Govt Lawyers: Drone Strikes Must Remain Classified

Insist Even Mentioning the Types of Documents That Exist a Threat

US officials have been very public in talking about the CIA drone strikes, sometimes.

But it depends partially on whim, and partially on whether they think they have something to lose, whether you’re going to get the president jovially joking about drone strikes against the Jonas Brothers, or government lawyers angrily insisting that not only is data related to the strikes classified, but that even mentioning the existence of documents related to the program in open court is a threat to the ongoing terror war.

The new argument has the US government is attempting to quash FOIA requests by the ACLU seeking documents about the legal basis by which the CIA carried out assassinations abroad. They are insisting that the judge must dismiss the FOIA lawsuits without any hearing, because even the discussion of the documents “would reveal information” they’d rather keep secret.

The ACLU rejected the argument, pointing out that the Obama Administration is more than willing to publicly talk about the drone strikes when it suits them, and even claimed that a legal rationale exists, though that rationale is never fully presented to the public beyond vague references to wartime power and a global battlefield.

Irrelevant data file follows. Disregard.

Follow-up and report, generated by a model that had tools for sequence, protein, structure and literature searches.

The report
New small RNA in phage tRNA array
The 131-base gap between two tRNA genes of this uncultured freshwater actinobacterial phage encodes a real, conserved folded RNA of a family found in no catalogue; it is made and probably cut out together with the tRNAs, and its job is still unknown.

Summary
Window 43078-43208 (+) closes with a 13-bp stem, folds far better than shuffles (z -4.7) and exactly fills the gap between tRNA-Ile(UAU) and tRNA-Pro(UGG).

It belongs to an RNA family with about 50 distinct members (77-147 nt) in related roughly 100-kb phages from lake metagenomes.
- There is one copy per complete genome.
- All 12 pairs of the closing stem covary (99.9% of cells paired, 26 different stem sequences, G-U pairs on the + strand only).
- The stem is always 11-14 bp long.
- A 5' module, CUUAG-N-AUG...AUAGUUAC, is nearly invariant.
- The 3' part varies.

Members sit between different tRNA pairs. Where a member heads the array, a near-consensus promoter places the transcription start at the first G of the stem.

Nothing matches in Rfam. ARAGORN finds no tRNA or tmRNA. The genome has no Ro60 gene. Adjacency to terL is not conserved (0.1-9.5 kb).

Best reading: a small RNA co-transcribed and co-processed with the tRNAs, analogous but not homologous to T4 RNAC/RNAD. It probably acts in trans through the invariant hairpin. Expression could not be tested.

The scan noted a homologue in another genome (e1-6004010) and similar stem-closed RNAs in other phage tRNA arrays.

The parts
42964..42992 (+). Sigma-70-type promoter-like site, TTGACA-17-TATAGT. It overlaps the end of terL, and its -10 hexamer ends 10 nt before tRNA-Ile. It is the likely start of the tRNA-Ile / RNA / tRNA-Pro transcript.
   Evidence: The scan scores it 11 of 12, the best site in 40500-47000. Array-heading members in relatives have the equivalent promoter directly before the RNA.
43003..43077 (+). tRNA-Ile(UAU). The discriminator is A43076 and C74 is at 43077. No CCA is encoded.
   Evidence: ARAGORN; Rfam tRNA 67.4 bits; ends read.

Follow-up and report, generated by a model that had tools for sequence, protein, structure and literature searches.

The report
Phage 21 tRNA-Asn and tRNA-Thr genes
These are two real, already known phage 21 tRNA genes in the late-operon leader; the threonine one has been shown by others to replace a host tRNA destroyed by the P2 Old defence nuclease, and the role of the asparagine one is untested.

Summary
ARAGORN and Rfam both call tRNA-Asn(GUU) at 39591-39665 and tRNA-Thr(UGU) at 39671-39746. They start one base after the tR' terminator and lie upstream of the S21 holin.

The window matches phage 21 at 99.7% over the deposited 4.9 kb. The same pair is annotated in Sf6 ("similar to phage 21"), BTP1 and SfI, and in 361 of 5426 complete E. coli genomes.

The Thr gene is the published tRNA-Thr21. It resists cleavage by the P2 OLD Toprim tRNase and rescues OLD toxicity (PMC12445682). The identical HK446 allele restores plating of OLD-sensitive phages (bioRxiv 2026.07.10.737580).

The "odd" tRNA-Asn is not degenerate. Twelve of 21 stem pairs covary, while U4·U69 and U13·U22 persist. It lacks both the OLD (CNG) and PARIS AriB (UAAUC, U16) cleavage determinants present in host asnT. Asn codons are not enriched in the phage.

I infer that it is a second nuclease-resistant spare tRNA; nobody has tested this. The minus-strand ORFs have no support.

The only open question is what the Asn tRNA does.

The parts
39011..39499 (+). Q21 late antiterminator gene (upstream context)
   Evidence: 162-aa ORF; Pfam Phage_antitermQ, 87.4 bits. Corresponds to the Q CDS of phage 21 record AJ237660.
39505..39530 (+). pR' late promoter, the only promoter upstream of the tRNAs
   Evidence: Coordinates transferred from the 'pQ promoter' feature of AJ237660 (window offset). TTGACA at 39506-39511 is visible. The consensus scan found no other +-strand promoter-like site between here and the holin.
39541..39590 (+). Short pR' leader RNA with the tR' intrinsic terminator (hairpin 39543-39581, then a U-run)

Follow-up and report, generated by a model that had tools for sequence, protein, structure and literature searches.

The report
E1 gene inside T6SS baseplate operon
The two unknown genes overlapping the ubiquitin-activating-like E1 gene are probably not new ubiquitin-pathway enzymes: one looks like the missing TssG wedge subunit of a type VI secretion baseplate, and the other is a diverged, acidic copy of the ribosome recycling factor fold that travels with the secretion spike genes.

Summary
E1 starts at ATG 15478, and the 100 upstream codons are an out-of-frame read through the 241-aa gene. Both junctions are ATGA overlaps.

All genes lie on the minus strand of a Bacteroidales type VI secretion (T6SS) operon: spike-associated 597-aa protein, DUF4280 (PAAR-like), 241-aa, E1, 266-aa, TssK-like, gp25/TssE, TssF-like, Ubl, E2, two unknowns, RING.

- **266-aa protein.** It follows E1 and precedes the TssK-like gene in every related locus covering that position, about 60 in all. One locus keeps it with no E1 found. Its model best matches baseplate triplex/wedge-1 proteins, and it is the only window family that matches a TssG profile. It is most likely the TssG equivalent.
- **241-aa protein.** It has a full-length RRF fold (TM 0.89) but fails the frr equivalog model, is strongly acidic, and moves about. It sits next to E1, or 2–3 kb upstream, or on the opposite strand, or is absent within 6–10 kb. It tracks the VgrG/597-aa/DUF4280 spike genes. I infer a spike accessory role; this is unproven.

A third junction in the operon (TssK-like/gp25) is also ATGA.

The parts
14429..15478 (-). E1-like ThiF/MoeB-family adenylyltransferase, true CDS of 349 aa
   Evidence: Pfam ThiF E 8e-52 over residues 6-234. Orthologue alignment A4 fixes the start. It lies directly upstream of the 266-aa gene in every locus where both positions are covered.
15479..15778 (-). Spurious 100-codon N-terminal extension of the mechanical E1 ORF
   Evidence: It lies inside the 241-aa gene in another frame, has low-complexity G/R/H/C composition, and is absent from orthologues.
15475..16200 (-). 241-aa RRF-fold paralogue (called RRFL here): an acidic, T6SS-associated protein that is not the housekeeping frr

The latest attempts to increase the secrecy surrounding the program come as the United Nations is warning that summary executions by drone strikes could be a violation of international law. It seems that faced with making their poor rationale public, they are determined to eliminate all questions through claims of national security.

This reflects administration policy in other cases where they were pressed on an argument, including last year’s attack on Libya. In that case, the administration promised to bring the matter before Congress as required by law then simply announced that it had decided not to, insisting that bringing the then-ongoing war before Congress for scrutiny could threaten international obligations.

Author: Jason Ditz

Jason Ditz is Senior Editor for He has 20 years of experience in foreign policy research and his work has appeared in The American Conservative, Responsible Statecraft, Forbes, Toronto Star, Minneapolis Star-Tribune, Providence Journal, Washington Times, and the Detroit Free Press.